It would be easy to assume that this series went under the radar because of its personal nature, but in fact the opposite is true. Goeritz first exhibited these works in Mexico City at the Inés Amor’s seminal Galería de Arte Mexico, followed by a second exhibition at the Carstairs Gallery in New York in 1960. In New York, Goeritz further cemented his notions that art must come from a place of spirituality within the artist himself, as he reacted against the bold and often destructive nature of Abstract Expressionism he witnessed in the city. His continuation and development of the Mensajes series was an intrinsic reaction to the futility he observed in artists’ creating art that lacked an inner element of self-reflection. With this still in mind, Goeritz returned to Mexico after an exhibition in Paris to exhibit once more in his adopted home country at the Antonio Souza Gallery. His work inspired his peers and led to the formation of an artistic group called Los Hartos, which consisted of José Luis Cuevas, Pedro Friedeberg, and Jesús Reyes Ferreira. All these artists, among others of a this generation, had long ago tired of the political nature of the nationally funded mural movement in Mexico that featured huge public displays of government propaganda, but Los Hartos were in fact the first artists in Mexico to mount an exhibition of conceptual art. This influential current in Mexican art, led under the guidance of Mathias Goeritz, would profoundly alter the artistic landscape of Mexico, setting the stage for future generations of important conceptual artists. In other words, with the inception of works such as the present lot, Goeritz inserted himself within the trajectory of international modern abstract art while simultaneously making a unique statement that would continue influence artists in Mexico and abroad for decades to come.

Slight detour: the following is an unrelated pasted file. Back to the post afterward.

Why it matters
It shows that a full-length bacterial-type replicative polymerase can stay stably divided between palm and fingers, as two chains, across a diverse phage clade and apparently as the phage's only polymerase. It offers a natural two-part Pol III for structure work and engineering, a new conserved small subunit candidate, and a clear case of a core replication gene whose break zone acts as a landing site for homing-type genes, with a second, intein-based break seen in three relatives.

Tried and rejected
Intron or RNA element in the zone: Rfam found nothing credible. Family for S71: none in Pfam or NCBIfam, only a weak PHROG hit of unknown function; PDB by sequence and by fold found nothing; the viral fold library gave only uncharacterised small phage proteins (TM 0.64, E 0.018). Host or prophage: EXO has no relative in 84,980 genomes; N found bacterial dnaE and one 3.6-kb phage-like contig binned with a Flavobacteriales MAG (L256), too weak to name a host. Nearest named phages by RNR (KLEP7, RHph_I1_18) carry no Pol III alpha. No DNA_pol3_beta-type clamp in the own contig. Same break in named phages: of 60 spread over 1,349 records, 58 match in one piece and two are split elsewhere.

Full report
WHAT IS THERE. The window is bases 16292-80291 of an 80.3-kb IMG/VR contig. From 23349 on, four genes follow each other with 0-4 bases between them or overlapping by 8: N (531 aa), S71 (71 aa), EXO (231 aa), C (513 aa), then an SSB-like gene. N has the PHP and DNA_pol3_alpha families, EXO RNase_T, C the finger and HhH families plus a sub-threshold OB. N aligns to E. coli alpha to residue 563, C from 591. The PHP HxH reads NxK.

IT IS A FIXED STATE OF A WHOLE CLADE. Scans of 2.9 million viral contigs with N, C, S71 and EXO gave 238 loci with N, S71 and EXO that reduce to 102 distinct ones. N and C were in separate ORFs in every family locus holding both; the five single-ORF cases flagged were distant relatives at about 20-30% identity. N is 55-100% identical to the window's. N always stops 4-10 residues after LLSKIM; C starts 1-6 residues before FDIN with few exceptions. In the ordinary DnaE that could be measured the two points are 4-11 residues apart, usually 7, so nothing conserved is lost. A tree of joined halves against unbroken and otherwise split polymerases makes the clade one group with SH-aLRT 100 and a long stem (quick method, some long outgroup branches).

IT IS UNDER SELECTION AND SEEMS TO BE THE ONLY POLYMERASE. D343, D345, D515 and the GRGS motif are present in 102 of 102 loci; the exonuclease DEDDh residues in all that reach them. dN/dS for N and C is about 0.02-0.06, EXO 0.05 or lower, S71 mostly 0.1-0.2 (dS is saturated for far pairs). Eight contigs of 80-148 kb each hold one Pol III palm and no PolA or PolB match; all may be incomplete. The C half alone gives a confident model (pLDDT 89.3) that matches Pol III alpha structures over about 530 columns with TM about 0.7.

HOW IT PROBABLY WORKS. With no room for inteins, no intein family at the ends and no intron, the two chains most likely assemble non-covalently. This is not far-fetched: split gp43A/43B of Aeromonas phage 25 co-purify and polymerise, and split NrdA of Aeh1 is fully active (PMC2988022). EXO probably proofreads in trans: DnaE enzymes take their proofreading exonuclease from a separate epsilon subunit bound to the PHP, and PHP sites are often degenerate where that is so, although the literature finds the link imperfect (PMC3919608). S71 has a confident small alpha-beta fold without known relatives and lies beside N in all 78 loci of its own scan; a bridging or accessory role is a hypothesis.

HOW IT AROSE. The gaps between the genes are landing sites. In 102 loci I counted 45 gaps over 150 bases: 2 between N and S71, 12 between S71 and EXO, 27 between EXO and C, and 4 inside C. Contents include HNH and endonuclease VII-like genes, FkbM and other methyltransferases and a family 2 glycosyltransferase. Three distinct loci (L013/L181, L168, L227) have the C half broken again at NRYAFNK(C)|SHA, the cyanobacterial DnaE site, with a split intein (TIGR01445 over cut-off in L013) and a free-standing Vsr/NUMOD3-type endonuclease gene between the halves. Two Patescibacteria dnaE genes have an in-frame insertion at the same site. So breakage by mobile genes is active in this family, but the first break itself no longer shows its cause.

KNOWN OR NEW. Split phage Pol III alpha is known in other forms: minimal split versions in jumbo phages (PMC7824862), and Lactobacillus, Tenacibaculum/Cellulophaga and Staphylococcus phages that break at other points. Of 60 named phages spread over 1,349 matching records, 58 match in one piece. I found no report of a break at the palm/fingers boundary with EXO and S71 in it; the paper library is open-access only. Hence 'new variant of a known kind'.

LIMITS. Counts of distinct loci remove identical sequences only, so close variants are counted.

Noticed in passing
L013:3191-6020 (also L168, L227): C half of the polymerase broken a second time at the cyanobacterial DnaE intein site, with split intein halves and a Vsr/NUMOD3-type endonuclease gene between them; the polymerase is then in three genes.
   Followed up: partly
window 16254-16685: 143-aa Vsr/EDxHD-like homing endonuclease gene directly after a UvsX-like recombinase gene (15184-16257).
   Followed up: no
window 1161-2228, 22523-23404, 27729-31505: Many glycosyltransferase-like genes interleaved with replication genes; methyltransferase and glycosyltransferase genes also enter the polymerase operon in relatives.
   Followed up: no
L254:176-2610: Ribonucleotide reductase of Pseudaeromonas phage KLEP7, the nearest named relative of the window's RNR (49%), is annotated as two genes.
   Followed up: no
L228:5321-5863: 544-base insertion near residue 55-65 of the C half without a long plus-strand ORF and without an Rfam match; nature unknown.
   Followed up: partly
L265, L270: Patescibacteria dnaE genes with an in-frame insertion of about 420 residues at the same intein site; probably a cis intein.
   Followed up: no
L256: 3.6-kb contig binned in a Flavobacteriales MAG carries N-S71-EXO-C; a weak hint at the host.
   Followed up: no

• Artist Biography

    Mathias Goeritz

    Mexican • 1915 - 1990

    German-born artist Mathias Goeritz studied Philosophy and Art History in Berlin. He immigrated to Mexico in 1949, by which time he had already built a career as a modern artist and architect. He was influenced by the European artistic tendencies of the time, from modernist movements such as Group Zero to artists including Yves Klein and Lucio Fontana.

    Goeritz's transference of knowledge exposed Mexico to the larger international art world, thus greatly contributing to the trajectory of Mexican art. He developed the concept of emotional architecture — where architecture is not overpowered by functionality but engages humankind with beauty, creating an emotive response. This concept would give artists in Mexico an alternative to the overarching influence of the national mural movement, and is exemplified in one of Goeritz's most significant works, El Museo Experimental el Eco.

    View More Works

10

Mensaje dorado

1960
thin perforated gold metal on wood
31 1/2 x 31 1/2 in. (80 x 80 cm)
Signed and date "MG.60," on the reverse. This work is accompanied by a certificate of authenticity issued by Lily Kassner.

Estimate
$100,000 - 150,000 

Sold for $161,000

Contact Specialist
Kaeli Deane
Head of Sale
New York
+1 212 940 1352

Latin America

New York 26 May 2015 4pm